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regularly attested. And now the poor soldier, who had worn himself to nothing with fatigue, and was full of wounds, when he had gotten a good female Indian prisoner, and given her cloathing and ornaments, found that she was taken from him! “When the order was given,” said the soldier, “Every one thought that the slaves were only put in to be marked and valued, and that each would get his own back, paying the fifth of the value which she was rated at to his Majesty, and that Cortes was to have no farther claim on them whatever.” He added a great deal more to the same purpose, but worse than what I have mentioned. When Cortes heard these exclamations against him, he made answer, swearing by his conscience! his usual oath, that it never should happen so again, and he protested that in future better regulations should be adopted. Thus with smooth words, and fair promises on his part, the affair passed over.

But I have now something to mention worse than this; it has been already related how in the fatal night of the retreat from Mexico, the treasure was produced and all the soldiers given liberty to take as much as they chose of it; many of those of Narvaez loaded themselves with gold, some also of ours did the same; to a great many this cost their lives, and none who escaped with life and what they had carried off, but were severely wounded. After all this however Cortes came to know that in our garrison here at La Frontera, a quantity of gold in bars was in circulation, and that deep gaming was going on amongst our soldiers; wherein our companions had forgot the old proverb which says, that “wealth and amours should be kept concealed.” He issued an order for all the gold to be brought in within a given time, under the severest penalty in case of disobedience, promising, on a fair delivery, to return the third part, but threatening in case of failure or evasion, that the whole should be forfeited. Many of the soldiers refused, and from some Cortes took it by way of loan; but indeed rather by main force than free will. As many of the captains and also of those who had offices under his Majesty were possessed of gold, a compromise took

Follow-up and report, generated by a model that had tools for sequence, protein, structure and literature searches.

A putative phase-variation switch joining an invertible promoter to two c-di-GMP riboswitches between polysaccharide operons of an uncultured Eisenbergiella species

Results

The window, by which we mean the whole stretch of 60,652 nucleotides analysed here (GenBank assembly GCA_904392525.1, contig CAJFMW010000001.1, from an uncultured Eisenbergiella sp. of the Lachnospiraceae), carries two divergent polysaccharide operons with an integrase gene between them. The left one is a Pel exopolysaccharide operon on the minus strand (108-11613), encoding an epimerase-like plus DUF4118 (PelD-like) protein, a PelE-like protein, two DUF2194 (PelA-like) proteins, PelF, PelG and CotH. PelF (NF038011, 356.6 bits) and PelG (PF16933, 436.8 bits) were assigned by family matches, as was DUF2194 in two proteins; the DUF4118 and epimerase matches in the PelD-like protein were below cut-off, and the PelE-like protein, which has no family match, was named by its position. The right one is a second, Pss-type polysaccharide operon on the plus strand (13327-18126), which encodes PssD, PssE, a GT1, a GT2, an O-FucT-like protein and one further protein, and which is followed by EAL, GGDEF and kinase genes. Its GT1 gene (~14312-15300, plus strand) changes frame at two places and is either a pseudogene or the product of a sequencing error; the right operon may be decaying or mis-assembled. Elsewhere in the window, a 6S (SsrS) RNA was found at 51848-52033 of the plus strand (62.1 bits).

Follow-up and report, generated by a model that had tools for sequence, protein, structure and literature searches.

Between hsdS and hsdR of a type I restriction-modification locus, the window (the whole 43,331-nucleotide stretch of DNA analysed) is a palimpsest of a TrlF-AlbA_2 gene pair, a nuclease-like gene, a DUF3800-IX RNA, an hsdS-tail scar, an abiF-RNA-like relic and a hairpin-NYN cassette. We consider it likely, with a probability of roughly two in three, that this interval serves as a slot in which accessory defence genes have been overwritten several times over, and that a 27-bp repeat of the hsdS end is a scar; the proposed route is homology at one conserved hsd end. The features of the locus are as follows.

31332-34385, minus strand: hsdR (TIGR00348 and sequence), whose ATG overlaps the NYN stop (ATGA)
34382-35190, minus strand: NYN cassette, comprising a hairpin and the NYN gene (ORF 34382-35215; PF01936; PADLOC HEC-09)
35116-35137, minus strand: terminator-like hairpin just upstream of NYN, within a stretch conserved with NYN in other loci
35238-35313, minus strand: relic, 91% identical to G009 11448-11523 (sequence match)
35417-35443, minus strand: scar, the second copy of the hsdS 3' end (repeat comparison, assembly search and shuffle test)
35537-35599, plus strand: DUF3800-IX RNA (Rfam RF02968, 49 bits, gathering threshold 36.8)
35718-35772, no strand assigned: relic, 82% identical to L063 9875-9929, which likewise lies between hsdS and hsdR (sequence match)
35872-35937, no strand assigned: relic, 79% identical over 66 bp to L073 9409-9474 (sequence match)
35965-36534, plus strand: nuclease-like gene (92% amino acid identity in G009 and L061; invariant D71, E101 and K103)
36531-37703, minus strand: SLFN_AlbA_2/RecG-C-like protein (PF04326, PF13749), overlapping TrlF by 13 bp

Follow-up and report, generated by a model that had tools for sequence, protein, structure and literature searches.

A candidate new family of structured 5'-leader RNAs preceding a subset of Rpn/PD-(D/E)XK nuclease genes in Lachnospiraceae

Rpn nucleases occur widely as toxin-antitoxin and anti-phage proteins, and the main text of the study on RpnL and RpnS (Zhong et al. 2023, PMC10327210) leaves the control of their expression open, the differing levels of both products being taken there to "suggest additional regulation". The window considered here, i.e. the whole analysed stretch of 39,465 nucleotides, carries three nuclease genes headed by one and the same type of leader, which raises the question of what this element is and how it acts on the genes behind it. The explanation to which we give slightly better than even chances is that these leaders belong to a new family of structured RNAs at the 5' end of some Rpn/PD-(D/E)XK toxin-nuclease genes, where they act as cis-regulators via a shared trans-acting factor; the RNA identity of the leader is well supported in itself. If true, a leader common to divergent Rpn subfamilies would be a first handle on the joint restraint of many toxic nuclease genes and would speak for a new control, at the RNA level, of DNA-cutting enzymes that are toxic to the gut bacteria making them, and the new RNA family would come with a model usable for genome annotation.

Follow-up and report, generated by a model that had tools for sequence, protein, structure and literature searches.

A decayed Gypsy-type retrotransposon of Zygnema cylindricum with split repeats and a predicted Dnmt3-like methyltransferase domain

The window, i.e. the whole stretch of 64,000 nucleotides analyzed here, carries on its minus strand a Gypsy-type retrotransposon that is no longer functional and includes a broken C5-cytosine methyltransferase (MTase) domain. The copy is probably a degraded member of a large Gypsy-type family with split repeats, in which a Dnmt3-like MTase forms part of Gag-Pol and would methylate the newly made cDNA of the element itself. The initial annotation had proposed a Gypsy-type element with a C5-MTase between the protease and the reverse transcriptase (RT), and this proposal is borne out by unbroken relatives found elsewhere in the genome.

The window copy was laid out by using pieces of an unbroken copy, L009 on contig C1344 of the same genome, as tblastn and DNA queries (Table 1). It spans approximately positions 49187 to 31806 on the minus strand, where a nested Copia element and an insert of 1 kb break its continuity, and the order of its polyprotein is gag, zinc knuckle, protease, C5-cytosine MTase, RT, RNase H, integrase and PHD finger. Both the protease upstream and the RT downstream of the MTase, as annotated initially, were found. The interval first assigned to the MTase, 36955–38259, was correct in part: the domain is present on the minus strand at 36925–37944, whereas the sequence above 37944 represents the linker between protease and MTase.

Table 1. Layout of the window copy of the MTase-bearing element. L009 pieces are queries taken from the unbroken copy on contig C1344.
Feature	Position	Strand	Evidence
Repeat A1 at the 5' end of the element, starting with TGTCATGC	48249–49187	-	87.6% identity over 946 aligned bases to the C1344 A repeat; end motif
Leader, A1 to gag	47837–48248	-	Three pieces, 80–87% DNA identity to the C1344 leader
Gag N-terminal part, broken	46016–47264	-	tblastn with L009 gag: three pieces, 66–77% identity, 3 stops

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place whereby no more was said about the order; but it was a very bad transaction on the part of Cortes.

The officers of Narvaez thought this a good juncture to renew their solicitations to Cortes for permission to return to Cuba. After much trouble and many efforts on their part, Cortes assented, promising that on the conquest of Mexico, he would give his friend Andres de Duero much more wealth than he had ever possessed. He made similar offers also to the other captains, especially to Augustin Bermudez. Those who were determined to return he ordered to be provided with whatever was necessary for their voyage, such as maiz, dogs salted, fowls, &c, and giving them one of the best ships in the harbour, he wrote letters by them to his wife Donna Catalina Xuarez Marcayda, and to his brother in law Juan Xuarez informing them of all that had happened; and he also transmitted to them by the same opportunity some bars and ornaments of gold. The following persons were among those who returned to Cuba at this time, with their pockets well lined after all their disasters. Andres de Duero, Augustin Bermudez, Juan Buono de Quexo, Bernardino de Quesada, Francisco Velasquez the hump backed, a relation of the governor of Cuba, Gonzalo Carrasco who returned afterwards to this country and lives in La Puebla, Melchor Velasco, and one Ximenes who lives in Guaxaca: he went for his sons; also the commendador Leon de Cervantes who went to bring over his daughters; after the conquest of Mexico he married them to very honourable connexions; one Maldonado also of Medellin, an invalid; not he who married Donna Maria del Rincon, nor the big Maldonado, nor the other of that name whom we called Alvaro Maldonado “the fierce,” who was married to a lady named Maria Arias; there was also one Vargas whom we nicknamed “the gallant;” I do not mean the Vargas who was father in law to Christoval Lobo; Cardenas the pilot also went; it was he who talked, of the two kings; Cortes gave him three hundred crowns for his wife and children; with many others whom it would be too prolix to enumerate. When Cortes was remonstrated with on letting so many quit us in our weak state he replied, that he did it partly